SHREDDED METAL

BETTER BENDING

One of the most important aspects of rock and metal guitar soloing – if not the most important – is bending. In today’s shred guitar environment, it’s quite common to see players with phenomenal technical skills; however, when bending notes it sounds weak and out of tune. While it’s all well and good to shred across the neck, if your bends suck, it effectively renders everything else meaningless. Good bending, I believe, has more in common with blues soloing than any sort of shred pyrotechnics. Coupled with vibrato, bending notes is a vital tool for expressing emotion, as well as for conveying your individuality as a player. As such, in this column I’ve come up with seven key tips for good bends – to help ensure that they are powerful, emotive, and in tune.

1. Intonation

This means playing in tune and it’s the most essential aspect of good bending. If you bend a note too much or too little, it will be sharp of flat respectively. This sounds awful! You should always ensure that a note is bent to exactly the correct pitch. Practice this by picking a note on one string, playing it, hearing it in your head, then moving down a fret or two and bending so that the pitch is the same as what was just played. For example, play an E on the 2nd string 17th fret, move down to the 15th, and then perform a whole step bend back up to the E note. Ultimately, the key to perfecting good intonation is to really listen to what you’re playing and to use your ears!

2. Grip Your Thumb

Standard left hand technique, especially for fast ‘shred’ playing, involves placing your thumb behind the neck with your fingers parallel to the frets. However, when bending you actually want to do the opposite and grip your thumb over the neck with your fingers angled slightly towards the headstock. This is the more old-school, bluesy approach to bending, and it definitely produces the best results. Gripping your thumb over the neck gives your fingers some leverage to push against, and it creates a bending movement that involves your wrist and forearm. This allows for more powerful, accurate, and aggressive bending. Conversely, if you bend with your thumb at the back of the neck, it means that it’s really just your finger (instead of your whole arm) doing the bend. Therefore, it’s harder to control and will sound pretty weak and inconsistent.

3. Stack Your Fingers

Whatever finger you’re bending with, you should stack the others behind it – resting them together on the same string. This provides strength and support to the finger doing the bend. So, when bending with your second finger, rest your first finger next to it. For third finger bends, stack your second and first fingers behind it. Bending with your fourth finger can be difficult, but having your other three fingers down will help.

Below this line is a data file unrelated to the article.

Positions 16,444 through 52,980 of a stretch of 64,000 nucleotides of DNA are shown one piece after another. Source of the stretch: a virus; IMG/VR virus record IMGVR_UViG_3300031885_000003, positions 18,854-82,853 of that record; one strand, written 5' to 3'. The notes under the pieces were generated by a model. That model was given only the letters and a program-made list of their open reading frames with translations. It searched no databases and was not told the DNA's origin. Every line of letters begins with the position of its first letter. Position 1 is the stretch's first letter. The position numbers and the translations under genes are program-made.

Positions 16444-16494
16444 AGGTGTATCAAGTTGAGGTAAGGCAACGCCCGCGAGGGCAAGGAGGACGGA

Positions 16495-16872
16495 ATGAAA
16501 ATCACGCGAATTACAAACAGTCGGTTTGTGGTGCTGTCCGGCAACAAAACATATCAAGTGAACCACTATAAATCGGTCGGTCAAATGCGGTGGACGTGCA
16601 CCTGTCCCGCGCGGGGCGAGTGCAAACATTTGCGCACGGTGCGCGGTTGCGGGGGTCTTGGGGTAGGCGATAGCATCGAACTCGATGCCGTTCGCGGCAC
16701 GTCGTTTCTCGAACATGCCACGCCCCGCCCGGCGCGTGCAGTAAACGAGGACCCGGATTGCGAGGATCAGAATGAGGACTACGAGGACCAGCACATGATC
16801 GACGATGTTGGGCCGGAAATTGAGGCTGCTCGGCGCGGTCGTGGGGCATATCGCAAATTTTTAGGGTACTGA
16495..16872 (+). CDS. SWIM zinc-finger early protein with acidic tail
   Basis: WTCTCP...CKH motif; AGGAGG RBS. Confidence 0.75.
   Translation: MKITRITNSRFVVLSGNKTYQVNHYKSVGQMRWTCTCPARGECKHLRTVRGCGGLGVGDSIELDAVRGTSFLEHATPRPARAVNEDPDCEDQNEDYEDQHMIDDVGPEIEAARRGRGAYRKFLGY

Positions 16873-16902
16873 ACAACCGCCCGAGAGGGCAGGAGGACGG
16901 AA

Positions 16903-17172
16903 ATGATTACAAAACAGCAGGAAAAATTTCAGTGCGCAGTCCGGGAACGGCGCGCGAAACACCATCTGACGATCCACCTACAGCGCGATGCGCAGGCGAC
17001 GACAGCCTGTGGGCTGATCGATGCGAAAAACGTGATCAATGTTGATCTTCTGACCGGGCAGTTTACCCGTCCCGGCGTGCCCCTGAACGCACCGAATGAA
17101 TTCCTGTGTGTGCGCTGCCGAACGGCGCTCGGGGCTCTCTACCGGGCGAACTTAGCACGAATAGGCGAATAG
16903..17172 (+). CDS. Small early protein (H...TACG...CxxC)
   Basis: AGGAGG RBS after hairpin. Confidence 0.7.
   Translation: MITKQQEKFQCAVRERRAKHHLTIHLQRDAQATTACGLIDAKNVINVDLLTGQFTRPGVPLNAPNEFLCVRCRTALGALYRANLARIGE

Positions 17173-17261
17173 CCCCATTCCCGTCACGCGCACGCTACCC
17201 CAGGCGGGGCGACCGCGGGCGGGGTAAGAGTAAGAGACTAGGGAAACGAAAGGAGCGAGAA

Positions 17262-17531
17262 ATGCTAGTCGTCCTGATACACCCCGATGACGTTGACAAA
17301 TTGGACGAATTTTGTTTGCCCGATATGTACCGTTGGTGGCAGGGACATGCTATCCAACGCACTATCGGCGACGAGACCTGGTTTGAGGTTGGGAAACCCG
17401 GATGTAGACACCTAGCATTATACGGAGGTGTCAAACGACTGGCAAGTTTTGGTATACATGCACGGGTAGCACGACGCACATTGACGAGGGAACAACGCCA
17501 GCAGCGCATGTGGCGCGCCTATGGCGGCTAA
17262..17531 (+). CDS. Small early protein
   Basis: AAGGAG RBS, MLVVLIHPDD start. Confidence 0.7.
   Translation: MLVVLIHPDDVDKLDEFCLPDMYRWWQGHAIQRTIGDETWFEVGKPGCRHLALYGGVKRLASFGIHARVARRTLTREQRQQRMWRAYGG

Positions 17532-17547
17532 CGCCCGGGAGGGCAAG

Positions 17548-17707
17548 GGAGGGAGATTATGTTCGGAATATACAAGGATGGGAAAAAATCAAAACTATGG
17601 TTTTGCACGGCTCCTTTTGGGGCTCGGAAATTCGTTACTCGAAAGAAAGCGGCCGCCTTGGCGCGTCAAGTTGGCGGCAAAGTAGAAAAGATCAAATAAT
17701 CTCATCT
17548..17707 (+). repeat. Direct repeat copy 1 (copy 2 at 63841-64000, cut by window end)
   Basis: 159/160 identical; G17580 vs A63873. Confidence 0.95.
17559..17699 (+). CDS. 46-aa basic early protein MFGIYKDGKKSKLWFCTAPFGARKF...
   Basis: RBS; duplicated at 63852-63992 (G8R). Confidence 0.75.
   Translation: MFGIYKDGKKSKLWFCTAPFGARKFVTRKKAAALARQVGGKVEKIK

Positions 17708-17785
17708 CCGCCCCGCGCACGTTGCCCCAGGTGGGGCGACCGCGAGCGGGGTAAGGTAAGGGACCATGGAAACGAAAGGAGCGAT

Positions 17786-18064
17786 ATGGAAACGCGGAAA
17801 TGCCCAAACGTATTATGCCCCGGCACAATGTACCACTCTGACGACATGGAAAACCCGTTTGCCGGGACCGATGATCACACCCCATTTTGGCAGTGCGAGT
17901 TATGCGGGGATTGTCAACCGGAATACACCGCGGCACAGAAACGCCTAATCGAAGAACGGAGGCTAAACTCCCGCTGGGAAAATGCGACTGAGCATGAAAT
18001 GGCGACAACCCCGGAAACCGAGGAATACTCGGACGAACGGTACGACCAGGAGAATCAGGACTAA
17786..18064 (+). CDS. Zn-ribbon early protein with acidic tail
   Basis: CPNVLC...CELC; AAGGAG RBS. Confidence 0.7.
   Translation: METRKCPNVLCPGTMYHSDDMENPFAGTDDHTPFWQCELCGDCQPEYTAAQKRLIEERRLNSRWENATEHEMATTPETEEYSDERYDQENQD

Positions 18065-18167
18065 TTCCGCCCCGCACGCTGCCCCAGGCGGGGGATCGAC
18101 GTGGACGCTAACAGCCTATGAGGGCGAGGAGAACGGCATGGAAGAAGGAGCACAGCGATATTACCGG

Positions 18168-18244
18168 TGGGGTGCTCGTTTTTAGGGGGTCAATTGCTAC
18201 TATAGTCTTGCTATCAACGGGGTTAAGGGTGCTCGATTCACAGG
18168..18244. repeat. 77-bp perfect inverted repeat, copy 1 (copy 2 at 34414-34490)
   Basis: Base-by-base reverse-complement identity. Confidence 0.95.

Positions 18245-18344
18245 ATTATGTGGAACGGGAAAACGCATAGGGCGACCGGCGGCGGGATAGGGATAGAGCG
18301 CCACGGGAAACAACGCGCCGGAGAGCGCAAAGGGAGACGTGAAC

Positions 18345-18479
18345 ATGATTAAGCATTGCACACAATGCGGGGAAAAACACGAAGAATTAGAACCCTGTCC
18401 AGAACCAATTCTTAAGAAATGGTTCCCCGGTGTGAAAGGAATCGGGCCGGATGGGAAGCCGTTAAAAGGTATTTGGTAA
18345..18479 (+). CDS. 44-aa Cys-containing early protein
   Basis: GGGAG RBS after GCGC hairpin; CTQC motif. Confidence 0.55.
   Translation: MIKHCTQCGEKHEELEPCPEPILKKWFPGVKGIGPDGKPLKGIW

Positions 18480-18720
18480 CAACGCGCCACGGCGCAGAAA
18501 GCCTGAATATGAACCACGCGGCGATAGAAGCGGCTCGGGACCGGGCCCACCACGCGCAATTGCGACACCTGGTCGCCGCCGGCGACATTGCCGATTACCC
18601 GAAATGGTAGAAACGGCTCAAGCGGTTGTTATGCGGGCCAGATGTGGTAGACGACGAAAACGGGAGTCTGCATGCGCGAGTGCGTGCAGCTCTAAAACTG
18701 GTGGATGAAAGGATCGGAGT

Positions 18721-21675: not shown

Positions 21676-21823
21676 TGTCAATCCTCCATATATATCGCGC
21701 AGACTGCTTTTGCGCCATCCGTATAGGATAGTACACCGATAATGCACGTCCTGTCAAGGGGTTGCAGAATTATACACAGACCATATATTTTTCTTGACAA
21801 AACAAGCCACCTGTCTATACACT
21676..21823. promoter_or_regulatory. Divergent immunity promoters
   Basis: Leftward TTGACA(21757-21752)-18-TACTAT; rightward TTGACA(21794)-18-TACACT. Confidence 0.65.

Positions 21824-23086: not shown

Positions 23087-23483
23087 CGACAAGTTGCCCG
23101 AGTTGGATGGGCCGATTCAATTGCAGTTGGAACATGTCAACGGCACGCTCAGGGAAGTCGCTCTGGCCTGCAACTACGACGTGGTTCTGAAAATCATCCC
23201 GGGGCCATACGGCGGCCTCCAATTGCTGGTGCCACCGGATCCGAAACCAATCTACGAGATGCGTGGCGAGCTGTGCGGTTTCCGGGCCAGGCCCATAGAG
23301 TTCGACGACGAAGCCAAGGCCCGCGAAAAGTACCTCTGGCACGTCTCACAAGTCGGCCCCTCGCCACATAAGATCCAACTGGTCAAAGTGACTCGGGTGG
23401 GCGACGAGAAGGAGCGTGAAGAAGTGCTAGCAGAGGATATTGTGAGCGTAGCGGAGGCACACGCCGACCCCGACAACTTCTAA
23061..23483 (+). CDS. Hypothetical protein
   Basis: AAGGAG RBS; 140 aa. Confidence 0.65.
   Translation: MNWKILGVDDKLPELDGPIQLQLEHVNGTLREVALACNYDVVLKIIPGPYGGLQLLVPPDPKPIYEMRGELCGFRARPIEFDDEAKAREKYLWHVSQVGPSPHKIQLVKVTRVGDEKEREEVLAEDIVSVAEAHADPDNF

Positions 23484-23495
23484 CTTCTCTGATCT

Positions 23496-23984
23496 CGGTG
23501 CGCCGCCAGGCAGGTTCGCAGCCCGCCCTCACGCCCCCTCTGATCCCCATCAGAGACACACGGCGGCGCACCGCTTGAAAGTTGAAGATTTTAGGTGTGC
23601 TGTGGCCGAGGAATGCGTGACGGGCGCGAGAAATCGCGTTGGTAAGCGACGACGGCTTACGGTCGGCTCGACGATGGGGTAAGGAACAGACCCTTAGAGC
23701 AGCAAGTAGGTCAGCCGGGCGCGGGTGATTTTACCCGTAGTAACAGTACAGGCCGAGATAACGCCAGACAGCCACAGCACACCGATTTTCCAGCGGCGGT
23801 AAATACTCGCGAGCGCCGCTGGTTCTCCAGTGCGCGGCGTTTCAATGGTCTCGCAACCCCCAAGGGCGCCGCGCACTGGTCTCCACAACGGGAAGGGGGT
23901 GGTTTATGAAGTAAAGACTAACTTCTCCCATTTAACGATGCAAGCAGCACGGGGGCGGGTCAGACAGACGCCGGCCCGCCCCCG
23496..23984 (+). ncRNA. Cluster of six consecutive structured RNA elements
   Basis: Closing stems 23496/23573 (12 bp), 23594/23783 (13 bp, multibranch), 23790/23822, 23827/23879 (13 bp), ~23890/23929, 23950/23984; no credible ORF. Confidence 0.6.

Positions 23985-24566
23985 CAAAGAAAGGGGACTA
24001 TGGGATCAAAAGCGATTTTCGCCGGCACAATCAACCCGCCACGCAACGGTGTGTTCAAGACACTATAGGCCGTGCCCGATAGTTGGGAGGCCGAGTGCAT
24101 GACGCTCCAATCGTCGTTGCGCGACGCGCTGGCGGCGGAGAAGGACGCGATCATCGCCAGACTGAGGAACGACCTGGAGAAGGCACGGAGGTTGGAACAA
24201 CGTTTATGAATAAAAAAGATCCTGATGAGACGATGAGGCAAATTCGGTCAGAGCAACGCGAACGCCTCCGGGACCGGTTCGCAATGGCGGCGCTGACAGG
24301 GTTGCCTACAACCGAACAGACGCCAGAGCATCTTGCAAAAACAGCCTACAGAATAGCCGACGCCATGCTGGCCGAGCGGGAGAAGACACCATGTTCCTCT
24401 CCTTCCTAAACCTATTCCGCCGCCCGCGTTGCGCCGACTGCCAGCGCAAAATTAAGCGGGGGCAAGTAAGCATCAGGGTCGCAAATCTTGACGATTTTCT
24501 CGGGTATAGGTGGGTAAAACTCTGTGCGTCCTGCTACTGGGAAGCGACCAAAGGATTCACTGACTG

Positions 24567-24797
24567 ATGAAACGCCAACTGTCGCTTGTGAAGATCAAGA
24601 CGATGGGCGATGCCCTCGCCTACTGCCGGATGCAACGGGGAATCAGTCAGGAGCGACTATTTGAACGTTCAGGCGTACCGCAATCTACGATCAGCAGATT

4. First Finger Bends

Bending with your first finger is a slightly different technique to bending with the other three. Rest the other fingers together against your first and angle them considerably towards the headstock (still gripping your thumb over the neck). This creates a pivot point between your hand and the neck and helps facilitate the extra strength needed to push or pull the string.

5. Strength and Control

Practice bending a variety of different intervals – one fret, two, three, four frets, etc. Try bending from different notes and on all the strings. As a general rule, for strings one and two you bend by pushing up, and for strings five and six you bend by pulling down. Strings three and four can be bent either way. There are all sorts of different ways of bending besides the basics – bend and release, gradual bends, pre-bends, pre-bend and release, etc.

6. Vibrato

Once the intonation is good, try adding in vibrato (by slightly releasing and then re-bending to pitch in rapid succession). Vibrato can be fast or shallow, or slow and wide. The key is to make it consistent and to use what’s appropriate for the song.

7. Scale Knowledge

A thorough knowledge of scale construction and intervals will help in determining what note you should aim for and how much you need to bend. For example, if you’re using E minor pentatonic and want to bend the E root note, the next note in the scale is a G (tone and a half higher). So you would have to bend the equivalent of three frets.

I hope you find these bending tips helpful. Just remember, good bends will make whatever you play sound better!

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